Here’s a crazy little tidbit that fell through the cracks during Monday night’s rally decrying the March 2 gay bashing on Luquer Street.
As every local elected official in the city cried out for justice, standing front and center with a vigil candle in hand was John Heyer.
No one seemed confused by the presence of this longtime Carroll Gardens resident and would-be elected official even though Heyer is an opponent of gay marriage, a stance that earned him plenty of heat during last year’s run for the Council, a race that ultimately went to gay marriage supporter Brad Lander.
Even more surprising than Heyer’s presence at the anti-hate rally (after all, who likes hate?) was that Heyer somehow managed to get quoted in Lander’s follow-up press release about the rally.
Even zanier was that he somehow managed to insert his pro-life stance — another controversy from last year — to settle the score during his remarks about the anti-gay attack.
“A central tenet of my religious beliefs is the sanctity of human life,” he said in the press release. “Since I have been personally singled out due to my heritage and religious beliefs, I would never want anyone stigmatized or victimized because of race religion, gender ethnicity or sexual orientation.”
Lemon? Meet lemonade.
The political action committee Fight Back New York continues to insist that it’s not targeting any specific lawmakers who voted against the marriage equality bill — it’s targeting all of them.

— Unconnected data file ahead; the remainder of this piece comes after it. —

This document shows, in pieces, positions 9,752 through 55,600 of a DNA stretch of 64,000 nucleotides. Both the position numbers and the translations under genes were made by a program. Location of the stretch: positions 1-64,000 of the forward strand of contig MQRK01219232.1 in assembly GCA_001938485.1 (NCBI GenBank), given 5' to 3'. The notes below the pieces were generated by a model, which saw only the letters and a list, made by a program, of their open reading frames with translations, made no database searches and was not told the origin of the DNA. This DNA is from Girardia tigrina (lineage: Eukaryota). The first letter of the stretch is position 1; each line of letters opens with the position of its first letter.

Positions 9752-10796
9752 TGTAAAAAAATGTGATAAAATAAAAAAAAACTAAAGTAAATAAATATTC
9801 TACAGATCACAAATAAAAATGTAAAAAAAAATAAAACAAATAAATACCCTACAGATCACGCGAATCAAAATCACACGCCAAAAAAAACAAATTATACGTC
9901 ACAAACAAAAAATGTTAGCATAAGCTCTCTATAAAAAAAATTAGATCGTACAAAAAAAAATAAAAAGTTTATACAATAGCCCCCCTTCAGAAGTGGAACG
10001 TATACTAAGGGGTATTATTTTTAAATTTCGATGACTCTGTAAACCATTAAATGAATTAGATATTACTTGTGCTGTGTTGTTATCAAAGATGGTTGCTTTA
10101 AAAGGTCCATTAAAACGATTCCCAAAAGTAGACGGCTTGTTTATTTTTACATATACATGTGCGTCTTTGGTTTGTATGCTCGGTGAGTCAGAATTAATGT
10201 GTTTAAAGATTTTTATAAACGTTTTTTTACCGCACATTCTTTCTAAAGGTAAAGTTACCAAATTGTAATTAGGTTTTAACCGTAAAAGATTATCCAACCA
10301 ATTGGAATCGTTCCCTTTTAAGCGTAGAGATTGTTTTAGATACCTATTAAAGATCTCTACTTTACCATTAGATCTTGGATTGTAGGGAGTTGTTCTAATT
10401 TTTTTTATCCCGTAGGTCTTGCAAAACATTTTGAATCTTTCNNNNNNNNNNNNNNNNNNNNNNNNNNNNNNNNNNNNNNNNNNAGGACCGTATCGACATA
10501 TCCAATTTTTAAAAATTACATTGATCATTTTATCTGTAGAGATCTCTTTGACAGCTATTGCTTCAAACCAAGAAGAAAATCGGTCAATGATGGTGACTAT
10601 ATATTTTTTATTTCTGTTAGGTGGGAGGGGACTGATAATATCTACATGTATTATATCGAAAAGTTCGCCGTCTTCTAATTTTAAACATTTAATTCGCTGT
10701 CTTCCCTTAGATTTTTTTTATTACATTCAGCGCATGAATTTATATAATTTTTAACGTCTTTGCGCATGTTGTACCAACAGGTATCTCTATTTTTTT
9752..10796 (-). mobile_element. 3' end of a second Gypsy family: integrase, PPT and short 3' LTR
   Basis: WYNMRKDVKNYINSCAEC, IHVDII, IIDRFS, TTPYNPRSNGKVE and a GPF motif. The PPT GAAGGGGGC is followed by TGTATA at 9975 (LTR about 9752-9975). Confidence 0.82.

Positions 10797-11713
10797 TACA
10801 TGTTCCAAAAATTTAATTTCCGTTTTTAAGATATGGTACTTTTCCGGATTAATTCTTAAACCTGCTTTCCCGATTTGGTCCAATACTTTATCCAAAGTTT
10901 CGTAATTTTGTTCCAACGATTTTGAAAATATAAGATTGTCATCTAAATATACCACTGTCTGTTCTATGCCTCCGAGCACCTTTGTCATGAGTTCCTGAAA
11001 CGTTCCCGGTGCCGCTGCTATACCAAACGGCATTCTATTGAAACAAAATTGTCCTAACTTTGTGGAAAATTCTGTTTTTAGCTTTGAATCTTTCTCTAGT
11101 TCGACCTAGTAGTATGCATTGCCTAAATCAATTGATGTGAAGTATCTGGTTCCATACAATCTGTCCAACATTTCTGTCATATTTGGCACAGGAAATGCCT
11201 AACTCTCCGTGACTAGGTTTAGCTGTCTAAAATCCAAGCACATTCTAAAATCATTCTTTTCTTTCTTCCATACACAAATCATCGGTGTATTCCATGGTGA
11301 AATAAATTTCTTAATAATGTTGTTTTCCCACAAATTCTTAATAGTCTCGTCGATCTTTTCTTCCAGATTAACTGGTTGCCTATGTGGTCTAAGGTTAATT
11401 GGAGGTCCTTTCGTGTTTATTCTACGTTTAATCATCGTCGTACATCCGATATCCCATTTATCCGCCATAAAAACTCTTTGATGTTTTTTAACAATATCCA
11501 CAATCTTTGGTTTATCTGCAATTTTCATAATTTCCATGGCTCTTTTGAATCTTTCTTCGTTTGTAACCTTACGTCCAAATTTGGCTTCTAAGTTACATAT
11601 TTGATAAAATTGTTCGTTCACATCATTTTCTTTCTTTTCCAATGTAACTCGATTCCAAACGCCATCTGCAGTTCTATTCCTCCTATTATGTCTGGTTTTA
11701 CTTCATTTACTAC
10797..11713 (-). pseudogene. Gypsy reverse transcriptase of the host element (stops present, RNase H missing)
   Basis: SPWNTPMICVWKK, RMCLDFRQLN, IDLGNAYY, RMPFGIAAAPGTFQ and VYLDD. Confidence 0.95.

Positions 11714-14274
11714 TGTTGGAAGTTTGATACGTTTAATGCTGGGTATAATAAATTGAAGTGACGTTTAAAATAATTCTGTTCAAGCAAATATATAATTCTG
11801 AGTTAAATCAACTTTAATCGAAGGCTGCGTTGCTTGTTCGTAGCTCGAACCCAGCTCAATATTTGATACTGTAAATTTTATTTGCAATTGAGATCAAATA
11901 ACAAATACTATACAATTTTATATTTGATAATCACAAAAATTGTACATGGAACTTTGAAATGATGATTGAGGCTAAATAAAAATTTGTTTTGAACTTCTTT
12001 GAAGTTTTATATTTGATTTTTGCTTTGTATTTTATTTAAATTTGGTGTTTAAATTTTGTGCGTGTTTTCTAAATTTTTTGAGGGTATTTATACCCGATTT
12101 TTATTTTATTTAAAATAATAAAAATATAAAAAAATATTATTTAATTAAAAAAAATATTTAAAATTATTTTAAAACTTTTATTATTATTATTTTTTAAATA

Following the defeat of disgraced former state Sen. Hiram Monserrate (D-Queens), the group produced a poster depicting eight black chairs set on a blood-red background, one of which was toppled on its side. The name on the fallen chair reads “Monserrate.”
Spokesperson Alex Navarro said the image is simply a way for supporters to celebrate Jose Peralta’s March 16 victory — and a symbol that seven more votes are required to pass the controversial bill. “The goal of the fight is to get the number [of votes] up to 32,” Navarro said. “It’s the seven more chairs we need to do something about,” he continued.
Navarro said the strategy will be either to get incumbents to change their minds, or “replace the people who sit in those chairs.”
In Brooklyn, only Democrat Carl Kruger and Republican Marty Golden voted against the bill.
Navarro said that while the group has not made any decisions about how to “get” the next seven, he insisted that “no one will be getting a pass.”
The group will gauge an incumbent’s popularity, resources, and, most important, whether there’s an opponent who supports gay marriage.
Both Golden and Kruger represent socially conservative neighborhoods and enjoy popularity in their districts, so it remains to be seen whether their chairs can even be nudged.
One longtime political observer wondered how committed Fight Back New York is to getting its hands dirty.
“Are they only going after people who are easy to take out?” he asked. “What kind of message does that send?”
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